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Martyrs of the Early Church

Today, in the Roman Calendar, features the memorial of St. Agnes, Virgin and Martyr.  Yesterday, the Church celebrated two others: Pope St. Fabian and St. Sebastian; also both Martyrs for Christ.  This past Monday, St. Anthony of the Desert took the top step in the choir of saints; while not a martyr in the strictest sense, he certainly livd out the faith of the martyrs in a strong denial of self to be united wtih Christ.

While all four of these early saints are fairly well known, in the reforms of the Roman Missal that have occured since 2000, several of their contemporaries were re-added to the Universal Calendar by Pope John Paul II; their feast days showing up periodically throughout the calendar.

Why would JPII, who was so intent on making saints from every corner of the world, ‘resurrect’ the cult of these ancient saints?I think there are many things that went into his decision, but I would like to highlight just one aspect for consideration.

I think when JPII, and Pope Benedict has certainly continued the theme with his Wednesday General Audience Catechesis, looked at the Early Church, he saw a time and milieu not entirely unlike our own.  The Church was operating in a hostile environment, persecution was regular, if not frequent.  Unfair and harsh criticism was leveled at Catholic Christians: they were canabals for eating human flesh, they were only interested in the fall of the Empire, the were ‘separationists’ from the Empire, etc.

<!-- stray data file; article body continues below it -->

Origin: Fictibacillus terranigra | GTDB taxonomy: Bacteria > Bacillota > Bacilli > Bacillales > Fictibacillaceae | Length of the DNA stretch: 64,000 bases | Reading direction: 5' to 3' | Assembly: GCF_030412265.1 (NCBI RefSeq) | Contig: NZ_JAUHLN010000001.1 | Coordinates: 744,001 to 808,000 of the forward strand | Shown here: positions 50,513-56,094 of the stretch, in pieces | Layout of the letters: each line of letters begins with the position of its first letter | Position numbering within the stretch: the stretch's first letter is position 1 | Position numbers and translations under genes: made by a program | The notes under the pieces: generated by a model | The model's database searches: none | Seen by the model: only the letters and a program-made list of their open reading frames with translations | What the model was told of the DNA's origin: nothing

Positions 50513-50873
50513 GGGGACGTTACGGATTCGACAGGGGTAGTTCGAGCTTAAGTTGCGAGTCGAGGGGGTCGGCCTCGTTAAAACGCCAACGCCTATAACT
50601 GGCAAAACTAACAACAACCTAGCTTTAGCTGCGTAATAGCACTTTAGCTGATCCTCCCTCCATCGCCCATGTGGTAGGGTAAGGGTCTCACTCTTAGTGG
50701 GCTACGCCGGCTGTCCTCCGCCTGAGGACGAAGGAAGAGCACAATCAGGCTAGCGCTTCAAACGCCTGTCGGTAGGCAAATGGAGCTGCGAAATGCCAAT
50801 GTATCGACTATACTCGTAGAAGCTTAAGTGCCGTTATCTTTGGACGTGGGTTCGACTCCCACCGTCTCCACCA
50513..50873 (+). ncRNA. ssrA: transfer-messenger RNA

Yet, in the face the trials, so much of what was written and discussed in the earliest centuries was more on Church unity, exhortations to holiness, life in Christ, Sacramental celebration, etc.  Only with Justin Martyr did attempts begin to defend the Faith against the unfair accusations made against her.

In our own day and age, we have heard the call for the New Evangelization, new attempts to bring apologetics into the 21st Centurey, to renew the faith in a dynamic orthodoxy.  Yet, in looking back to the Early Church, the efforts of the martyrs only bore fruit because they first saught holiness and unity with Christ.  In their holiness, they found courage to lay down their lives for their brothers and sisters in Christ.

Isn’t this what we need in today’s Church.

(For more, from For Your Vocation of the USCCB [1])

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